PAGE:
I think this may just be my last post for the April 2012 trip to Seoul. Then I am going to do some housekeeping on this blog, starting with indexing all my travel posts on a separate page. 🙂 I have no clue how long this is going to take. I will probably be an old woman by the time this is all done.
I am not a Catholic but I spent a part of my childhood in a Catholic church – two years in a Catholic kindergarten and I followed my Catholic neighbours to mass on Saturdays. Growing up, I have always liked visiting cathedrals on my trips to look at the architecture – the dramatic curved ceilings, the mesmerizing patterns on the ceiling and the gorgeous stained glass paintings.
I visited numerous cathedrals on my trip aroud England more than 10 years ago. People ask me – “Don’t you ever get sick of looking at drafty cathedrals? See one, and you see them all ‘cos they all look the same.” Nope.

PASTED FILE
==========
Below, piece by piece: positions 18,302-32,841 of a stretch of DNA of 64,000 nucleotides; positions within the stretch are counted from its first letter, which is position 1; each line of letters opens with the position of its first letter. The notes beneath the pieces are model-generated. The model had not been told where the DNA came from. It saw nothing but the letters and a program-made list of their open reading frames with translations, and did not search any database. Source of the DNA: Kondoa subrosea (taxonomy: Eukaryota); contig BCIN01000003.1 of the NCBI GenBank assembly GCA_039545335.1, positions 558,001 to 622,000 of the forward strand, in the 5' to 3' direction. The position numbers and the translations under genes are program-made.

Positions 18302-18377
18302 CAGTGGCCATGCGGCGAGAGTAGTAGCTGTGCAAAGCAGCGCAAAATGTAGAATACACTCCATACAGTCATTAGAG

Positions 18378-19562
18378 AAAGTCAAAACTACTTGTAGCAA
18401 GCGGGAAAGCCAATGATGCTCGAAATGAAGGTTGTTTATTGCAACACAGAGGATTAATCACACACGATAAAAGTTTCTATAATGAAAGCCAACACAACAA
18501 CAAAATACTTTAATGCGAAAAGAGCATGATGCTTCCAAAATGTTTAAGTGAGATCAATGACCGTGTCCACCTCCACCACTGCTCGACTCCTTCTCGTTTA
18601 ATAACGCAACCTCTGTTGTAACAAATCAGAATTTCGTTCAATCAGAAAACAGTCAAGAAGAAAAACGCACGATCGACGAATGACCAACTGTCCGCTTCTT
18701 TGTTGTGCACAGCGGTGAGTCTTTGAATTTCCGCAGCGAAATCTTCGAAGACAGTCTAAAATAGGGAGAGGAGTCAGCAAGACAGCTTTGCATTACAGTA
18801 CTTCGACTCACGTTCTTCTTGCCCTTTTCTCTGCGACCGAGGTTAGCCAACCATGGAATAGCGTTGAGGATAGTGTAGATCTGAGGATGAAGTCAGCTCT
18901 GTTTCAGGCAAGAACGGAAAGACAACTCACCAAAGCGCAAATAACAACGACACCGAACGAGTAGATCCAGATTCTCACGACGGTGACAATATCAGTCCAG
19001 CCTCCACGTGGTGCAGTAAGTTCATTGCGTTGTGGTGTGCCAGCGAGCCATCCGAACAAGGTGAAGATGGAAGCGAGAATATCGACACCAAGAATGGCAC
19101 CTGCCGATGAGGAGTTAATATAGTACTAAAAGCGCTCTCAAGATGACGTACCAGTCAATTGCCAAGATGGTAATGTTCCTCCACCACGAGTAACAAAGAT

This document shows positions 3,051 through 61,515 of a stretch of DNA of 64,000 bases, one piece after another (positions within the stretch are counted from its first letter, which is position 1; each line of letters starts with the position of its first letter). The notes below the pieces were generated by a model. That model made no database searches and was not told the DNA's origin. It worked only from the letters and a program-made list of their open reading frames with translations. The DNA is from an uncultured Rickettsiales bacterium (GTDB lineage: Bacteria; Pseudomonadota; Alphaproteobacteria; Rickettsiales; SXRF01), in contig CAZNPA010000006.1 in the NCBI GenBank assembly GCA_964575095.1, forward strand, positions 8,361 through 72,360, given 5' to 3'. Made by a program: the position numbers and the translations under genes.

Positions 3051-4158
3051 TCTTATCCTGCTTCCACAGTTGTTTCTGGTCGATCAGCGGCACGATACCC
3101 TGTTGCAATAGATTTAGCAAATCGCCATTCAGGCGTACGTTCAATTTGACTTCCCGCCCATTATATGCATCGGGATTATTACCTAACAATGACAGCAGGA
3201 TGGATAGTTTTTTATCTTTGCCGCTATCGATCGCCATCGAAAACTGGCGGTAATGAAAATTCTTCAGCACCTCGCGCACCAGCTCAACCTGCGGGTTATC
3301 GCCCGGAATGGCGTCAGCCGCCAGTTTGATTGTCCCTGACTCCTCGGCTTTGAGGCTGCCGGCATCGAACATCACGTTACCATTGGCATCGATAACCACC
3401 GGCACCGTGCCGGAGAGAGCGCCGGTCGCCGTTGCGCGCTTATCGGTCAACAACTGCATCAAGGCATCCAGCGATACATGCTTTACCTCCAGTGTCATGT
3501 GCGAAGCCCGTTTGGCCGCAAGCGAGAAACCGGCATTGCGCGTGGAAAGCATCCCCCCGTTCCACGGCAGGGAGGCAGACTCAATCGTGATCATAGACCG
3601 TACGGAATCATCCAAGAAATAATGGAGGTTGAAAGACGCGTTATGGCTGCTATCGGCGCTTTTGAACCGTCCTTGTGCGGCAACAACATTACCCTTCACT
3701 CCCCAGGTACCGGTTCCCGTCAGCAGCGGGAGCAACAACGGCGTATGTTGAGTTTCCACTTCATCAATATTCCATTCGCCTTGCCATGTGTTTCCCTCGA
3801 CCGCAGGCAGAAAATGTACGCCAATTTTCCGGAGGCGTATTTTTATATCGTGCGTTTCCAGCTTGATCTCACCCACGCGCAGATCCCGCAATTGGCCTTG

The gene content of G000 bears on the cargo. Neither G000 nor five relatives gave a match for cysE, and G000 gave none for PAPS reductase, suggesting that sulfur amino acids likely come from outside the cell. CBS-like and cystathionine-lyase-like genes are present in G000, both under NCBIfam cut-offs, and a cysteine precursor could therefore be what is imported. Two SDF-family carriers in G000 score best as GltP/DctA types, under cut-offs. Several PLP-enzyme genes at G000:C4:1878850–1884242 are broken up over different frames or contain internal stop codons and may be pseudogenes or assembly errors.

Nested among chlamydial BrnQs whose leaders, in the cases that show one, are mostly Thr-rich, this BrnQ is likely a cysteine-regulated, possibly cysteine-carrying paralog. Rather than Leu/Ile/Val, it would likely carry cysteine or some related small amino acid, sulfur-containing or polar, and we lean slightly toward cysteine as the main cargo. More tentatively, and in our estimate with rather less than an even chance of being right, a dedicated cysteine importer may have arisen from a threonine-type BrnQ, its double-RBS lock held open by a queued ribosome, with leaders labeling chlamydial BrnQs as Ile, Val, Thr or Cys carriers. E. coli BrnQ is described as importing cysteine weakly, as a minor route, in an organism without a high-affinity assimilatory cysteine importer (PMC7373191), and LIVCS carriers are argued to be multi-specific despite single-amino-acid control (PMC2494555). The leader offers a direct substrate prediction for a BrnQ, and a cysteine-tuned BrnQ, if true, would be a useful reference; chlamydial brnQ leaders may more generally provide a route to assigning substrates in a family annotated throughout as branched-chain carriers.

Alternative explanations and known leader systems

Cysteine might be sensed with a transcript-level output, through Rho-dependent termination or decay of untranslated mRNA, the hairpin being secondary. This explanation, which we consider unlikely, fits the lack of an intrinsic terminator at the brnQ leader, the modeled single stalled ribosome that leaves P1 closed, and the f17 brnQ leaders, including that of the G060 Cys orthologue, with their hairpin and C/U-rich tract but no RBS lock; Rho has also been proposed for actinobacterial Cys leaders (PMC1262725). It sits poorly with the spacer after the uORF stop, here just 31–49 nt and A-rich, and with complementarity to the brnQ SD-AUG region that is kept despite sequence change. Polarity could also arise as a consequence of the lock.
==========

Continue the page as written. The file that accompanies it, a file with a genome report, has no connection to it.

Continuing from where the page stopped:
Whenever I step into a cathedral, a huge sense of peace and calmness washes over me almost immediately. I feel that I am in a different world the minute I push open the doors and step into the worship hall. It’s a lovely feeling, really, which makes me wonder why I don’t visit a cathedral more often at home.
When we were in Seoul over Easter, we attended Easter Sunday morning mass at Myeongdong Cathedral. This is the second time I am attending mass in the cathedral. As the mass was conducted in Korean, I had no idea what was going on. But it was fine with me. I liked the experience of attending mass. There is something comforting in the Catholic ritual, watching the ceremony taking place at the altar, listening to the organ play and choir sing, hearing the priest and worshippers reciting the epistles, knowing that Catholics around the world will all go through the same ritual on Easter Sunday.
There was a fair held at the grounds of the cathedral, with stalls selling beautifully designed Easter eggs creatively wrapped in wrapping, cloth pouches, porcelain bowls and cute cages. I couldn’t resist buying one for a friend even though I wasn’t sure I could transport it back home in one piece.